Simple Tips for Mild Depression

Everybody feels depressed sometimes. Mild depression often comes out of difficult life transitions or losses, especially situations in which we don’t have a sense of control or escape.  In mild depression we feel down but can still function in our lives. We can work, focus, sleep and go about the tasks of life, but often the spark is missing. We feel self-doubt but not self-loathing. We worry about the situation, but it does not look hopeless.

If work, concentration, or sleep are impaired, and feelings of worthlessness or hopelessness are part of the picture, then you may be experiencing moderate or severe depression and it is important to talk to your doctor or therapist. This article addresses mild depression, sometimes called situational depression.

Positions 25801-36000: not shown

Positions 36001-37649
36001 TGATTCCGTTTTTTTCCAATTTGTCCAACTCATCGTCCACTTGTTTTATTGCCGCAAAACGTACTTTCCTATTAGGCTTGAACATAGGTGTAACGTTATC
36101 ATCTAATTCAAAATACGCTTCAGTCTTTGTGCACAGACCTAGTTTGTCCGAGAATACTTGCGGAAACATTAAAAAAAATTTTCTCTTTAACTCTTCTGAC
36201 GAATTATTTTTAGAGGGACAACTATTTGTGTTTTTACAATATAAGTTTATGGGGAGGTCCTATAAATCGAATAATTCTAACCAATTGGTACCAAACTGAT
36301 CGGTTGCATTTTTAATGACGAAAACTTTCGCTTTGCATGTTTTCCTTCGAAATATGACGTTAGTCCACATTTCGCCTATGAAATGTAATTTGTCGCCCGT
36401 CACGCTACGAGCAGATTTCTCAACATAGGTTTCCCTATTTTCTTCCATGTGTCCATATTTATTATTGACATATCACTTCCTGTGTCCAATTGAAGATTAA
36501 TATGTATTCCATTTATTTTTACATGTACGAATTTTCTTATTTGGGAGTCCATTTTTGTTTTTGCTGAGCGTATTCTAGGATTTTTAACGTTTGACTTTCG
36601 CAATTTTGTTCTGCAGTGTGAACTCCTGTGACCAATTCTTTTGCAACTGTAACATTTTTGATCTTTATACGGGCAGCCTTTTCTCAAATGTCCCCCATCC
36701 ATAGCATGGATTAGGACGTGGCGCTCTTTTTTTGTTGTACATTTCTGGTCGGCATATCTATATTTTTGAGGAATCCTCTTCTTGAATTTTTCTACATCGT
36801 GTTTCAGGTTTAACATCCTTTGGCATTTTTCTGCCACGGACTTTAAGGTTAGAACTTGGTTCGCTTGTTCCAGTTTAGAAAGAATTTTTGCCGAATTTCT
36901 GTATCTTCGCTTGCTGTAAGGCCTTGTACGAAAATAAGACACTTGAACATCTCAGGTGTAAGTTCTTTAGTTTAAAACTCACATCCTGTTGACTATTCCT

What causes depression? Here are a few examples of the influences that can cause or contribute to mild depression:

  • increased work stress
  • a rough patch with spouse or family
  • ongoing financial stress
  • a stage of life transition that hits hard (adolescence, marriage, new family, health issues, retirement, etc.)

These are all situations that separately or together can contribute to mild depression.

So what can you do for yourself when you are still functioning well in your life but just can’t shake your case of the blues?

  1. Take a breath, catch your breath.  Breathe deeply and slowly. This may seem laughably obvious but under stress we stop breathing well – that is, deeply and calmly. Try this: Think about a big worry and notice what happens to your breath – chances are it gets shallow, tight and speeds up. Now consciously breathe slowly and deeply again. The problem has not changed but your response to it has. Practice slow, deep, gentle breaths often.